Show us the 40,000 jobs, say young people as they march on Olympic Park’s Here East
- Credit: Polly Hancock
Scores of young people demanded to know what has happened to the jobs promised by Olympic chiefs, as they protested outside the 2012 media and broadcasting centre on Thursday afternoon.
Wearing sports shirts emblazoned with the slogan "don't leave us on the subs bench", 70 campaigners from The East London Citizens Organisation (TELCO) cut a cake with the number "40,000" iced on it at BT Sport's HQ at the Here East business hub.
The figure represents the number of jobs the park's guardian, the London Legacy Development Corporation, has predicted for the park and its surroundings by 2025.
They asked bosses at the TV channel to "share a slice" with them, and to keep the Olympic Legacy promise by providing them with paid work experience to help get them on the career ladder.
The 2012 Olympic Games cost the taxpayer £8.77billion and promises were made the huge project would generate thousands of jobs and homes.
You may also want to watch:
But last year the Gazette reported that most of the 11,000 jobs promised for the Olympic Park have failed to materialise since 2012.
Oran Blackwood, the special educational needs co-ordinator from Elatt, a training school in Kingsland Road, told the crowd assembled outside Here East in Hackney Wick: "This park represents an important historical journey for British people and especially people living in London. I'm not just talking about the Olympics or the Diamond Jubilee for the Queen, but for the first time in history four of the most impoverished boroughs in London were drawn together with the hope of economic growth.
- 1 "Outcry" over fortnightly rubbish collection in Stamford Hill
- 2 Three men who went on stabbing spree in Hackney convicted of murder
- 3 "Predator" jailed after sexually assaulting sleeping woman on Hackney bus
- 4 Reopening week saw “record-breaking” days at pubs in Hoxton
- 5 Three men charged following Hackney shooting
- 6 70 firefighters tackle Old Street tower block blaze
- 7 Hackney volunteers tend to Overground station gardens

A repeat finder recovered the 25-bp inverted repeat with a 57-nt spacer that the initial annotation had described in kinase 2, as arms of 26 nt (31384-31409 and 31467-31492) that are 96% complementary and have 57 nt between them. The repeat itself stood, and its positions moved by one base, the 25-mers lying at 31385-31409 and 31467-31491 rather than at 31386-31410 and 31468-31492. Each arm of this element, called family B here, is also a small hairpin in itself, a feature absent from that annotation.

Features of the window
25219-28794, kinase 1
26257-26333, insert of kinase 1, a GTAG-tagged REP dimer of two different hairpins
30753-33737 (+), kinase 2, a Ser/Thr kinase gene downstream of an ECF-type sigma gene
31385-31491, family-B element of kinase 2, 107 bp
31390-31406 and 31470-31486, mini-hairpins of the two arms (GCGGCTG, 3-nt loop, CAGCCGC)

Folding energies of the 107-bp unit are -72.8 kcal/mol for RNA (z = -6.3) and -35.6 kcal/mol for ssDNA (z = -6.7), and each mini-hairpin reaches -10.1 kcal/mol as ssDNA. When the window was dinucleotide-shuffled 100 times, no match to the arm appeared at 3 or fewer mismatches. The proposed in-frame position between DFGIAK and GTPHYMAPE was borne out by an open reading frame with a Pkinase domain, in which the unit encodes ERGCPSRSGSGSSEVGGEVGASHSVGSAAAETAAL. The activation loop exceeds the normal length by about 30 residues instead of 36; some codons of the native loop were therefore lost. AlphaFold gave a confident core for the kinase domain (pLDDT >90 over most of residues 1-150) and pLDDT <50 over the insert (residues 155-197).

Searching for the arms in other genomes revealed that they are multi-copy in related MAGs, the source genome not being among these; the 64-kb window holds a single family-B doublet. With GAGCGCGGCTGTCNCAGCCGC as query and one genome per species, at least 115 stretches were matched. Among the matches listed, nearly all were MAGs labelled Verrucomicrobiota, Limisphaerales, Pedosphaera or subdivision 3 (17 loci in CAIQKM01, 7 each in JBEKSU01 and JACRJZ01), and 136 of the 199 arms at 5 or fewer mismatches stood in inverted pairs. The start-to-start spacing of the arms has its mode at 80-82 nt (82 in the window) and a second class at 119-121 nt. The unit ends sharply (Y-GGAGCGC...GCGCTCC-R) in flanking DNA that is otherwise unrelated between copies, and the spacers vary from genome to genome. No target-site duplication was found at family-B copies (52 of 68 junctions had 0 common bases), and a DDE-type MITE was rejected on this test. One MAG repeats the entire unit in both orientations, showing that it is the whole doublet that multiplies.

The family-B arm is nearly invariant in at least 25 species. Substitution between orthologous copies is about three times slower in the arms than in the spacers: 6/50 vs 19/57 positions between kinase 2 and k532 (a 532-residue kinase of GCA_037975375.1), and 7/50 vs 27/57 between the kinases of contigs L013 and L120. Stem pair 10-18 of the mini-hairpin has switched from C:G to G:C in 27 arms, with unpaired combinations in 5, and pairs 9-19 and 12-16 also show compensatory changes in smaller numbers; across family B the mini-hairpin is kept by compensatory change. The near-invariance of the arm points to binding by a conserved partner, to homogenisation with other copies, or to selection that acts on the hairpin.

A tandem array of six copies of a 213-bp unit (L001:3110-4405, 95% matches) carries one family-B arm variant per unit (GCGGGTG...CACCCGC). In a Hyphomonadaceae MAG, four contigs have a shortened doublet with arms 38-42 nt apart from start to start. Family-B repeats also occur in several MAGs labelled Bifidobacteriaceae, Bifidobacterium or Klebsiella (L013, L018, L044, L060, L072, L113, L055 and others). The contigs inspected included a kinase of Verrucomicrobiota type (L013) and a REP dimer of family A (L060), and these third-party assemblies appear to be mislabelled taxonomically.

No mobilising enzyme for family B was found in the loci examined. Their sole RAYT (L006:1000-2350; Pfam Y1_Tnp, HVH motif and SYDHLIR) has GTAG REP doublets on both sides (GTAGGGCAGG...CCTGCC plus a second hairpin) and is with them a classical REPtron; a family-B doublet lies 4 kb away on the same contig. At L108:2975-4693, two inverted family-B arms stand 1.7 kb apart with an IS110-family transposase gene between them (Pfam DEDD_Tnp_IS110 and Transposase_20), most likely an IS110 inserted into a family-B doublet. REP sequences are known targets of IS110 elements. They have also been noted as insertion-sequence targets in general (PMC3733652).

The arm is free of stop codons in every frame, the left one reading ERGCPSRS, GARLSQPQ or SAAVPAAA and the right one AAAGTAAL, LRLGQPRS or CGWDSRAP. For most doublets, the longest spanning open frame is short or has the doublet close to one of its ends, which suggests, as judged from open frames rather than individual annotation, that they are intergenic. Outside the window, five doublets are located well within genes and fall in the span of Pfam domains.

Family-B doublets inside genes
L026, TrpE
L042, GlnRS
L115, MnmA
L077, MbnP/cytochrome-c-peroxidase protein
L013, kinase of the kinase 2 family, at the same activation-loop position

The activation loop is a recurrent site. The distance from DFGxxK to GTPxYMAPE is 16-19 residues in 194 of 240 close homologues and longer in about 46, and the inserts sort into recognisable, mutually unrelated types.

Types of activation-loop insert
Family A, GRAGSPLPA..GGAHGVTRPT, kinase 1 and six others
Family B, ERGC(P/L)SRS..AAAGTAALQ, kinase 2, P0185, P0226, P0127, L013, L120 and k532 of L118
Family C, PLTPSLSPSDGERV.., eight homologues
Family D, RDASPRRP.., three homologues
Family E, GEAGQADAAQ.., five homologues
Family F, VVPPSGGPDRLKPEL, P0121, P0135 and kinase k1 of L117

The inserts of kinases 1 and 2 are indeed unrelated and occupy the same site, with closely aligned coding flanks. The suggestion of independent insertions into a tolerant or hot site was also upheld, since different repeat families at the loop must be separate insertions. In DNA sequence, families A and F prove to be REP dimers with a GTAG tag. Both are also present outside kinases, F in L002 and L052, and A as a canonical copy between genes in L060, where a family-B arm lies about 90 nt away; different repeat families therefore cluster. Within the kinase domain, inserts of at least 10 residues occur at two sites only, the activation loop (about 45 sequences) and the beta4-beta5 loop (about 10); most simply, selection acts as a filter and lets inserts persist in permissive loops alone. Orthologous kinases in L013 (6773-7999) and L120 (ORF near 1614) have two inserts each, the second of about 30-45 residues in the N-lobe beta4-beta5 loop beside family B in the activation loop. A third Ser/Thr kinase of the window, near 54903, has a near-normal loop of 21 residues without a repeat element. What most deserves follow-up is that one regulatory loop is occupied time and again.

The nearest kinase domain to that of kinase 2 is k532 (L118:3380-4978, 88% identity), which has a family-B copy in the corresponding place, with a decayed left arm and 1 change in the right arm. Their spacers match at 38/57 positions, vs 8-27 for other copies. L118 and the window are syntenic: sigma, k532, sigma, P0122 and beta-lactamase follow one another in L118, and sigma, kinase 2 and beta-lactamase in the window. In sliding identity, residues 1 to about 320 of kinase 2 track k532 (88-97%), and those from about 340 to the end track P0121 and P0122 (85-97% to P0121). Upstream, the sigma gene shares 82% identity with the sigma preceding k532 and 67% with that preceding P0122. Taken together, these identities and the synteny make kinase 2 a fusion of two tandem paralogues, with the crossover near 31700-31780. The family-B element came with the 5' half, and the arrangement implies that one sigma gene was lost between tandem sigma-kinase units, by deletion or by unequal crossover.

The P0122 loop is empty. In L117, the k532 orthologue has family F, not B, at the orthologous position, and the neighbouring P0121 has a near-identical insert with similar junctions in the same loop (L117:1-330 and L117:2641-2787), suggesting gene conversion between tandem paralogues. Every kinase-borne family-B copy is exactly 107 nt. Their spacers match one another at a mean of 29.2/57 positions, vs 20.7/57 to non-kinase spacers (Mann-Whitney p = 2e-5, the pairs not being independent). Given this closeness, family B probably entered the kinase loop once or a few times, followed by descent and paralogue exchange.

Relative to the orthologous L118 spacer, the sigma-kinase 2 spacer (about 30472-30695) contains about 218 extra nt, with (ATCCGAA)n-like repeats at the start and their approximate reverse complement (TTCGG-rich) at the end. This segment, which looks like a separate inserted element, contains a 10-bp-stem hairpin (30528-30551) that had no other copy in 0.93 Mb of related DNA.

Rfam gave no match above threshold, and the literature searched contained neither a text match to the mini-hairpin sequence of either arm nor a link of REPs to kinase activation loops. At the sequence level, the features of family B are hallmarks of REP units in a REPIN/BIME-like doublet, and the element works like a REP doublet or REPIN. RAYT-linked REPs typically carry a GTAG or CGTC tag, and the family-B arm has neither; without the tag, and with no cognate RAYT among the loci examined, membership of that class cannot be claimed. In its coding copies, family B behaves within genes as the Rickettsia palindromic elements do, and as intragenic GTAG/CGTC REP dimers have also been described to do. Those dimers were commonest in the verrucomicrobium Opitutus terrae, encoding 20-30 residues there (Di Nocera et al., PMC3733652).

- 8 Hackney restaurant exhibits local artists with new art space
- 9 Hackney service remembers Prince Philip, 'rock of the nation'
- 10 NEU members continue strike action at Leaways
"Unfortunately, seven years later, I find myself asking the challenging question: 'Where is that economic growth for the people who live and work in Newham, Tower Hamlets, Waltham Forest and my borough Hackney?'"
He added: "We are hoping someone from BT will answer some of our questions and think about how corporations like BT Sport can help young people remove the glass ceiling they are facing."
Emmanuel Onapa, 19, a former BSix student preparing to attend Exeter University, told the crowd how his mother moved to the UK from Uganda in the 1970s.
He said: "I wasn't really privileged, and I see how people I grew up with didn't see opportunities and that led to a life of gangs. My mum told me that life is based on meritocracy, and if you work hard you will make it, but that is under threat because of companies like BT which lack an emphasis on meritocracy and are rather based on people's connections."
There were cheers when the march organisers were handed a letter signed by BT Sport head, Simon Green, which said the media giant was "very open to meeting".
BT Sport has run two apprenticeship programmes in the past four years with most participants coming from boroughs neighbouring the park.
It has also enabled 18 pupils to complete 12-week projects, and held four day-long bootcamps for 100 pupils at risk of leaving school without a job, training or college place.
The protesters say it's not enough and they need opportunities for more people. Courtney Sarrell, 16, who attends Elatt, told the Gazette afterwards he would love to work at BT.
"I'm interested in a media apprenticeship or a work placement, and I've trying to get one for a while," he said.
"I feel like they noticed we were there, and we have done our part, getting us out there to say we need more opportunities.
"They haven't kept the Olympic legacy promise and I do feel upset about that because they didn't follow through, so that's why we did this little movement.
"Now we've put ourselves out there to say: 'This is what we want,' I feel like they are obliged to make a change and open some opportunities for us." Paul Brickell, the LLDC's executive director of regeneration and community partnerships, said: "Following the 2012 Olympic and Paralympic Games there is a growing legacy of high quality jobs in the area.
"We work very closely with Here East and their tenants to ensure east Londoners are at the front of the queue for these jobs."
A BT Sport spokesperson said: "BT Sport has been extremely active in supporting the community and welcoming young people into the studio to learn more about the industry and career opportunities."
Gavin Poole, CEO of Here East, said: "We are committed to delivering the Olympic legacy."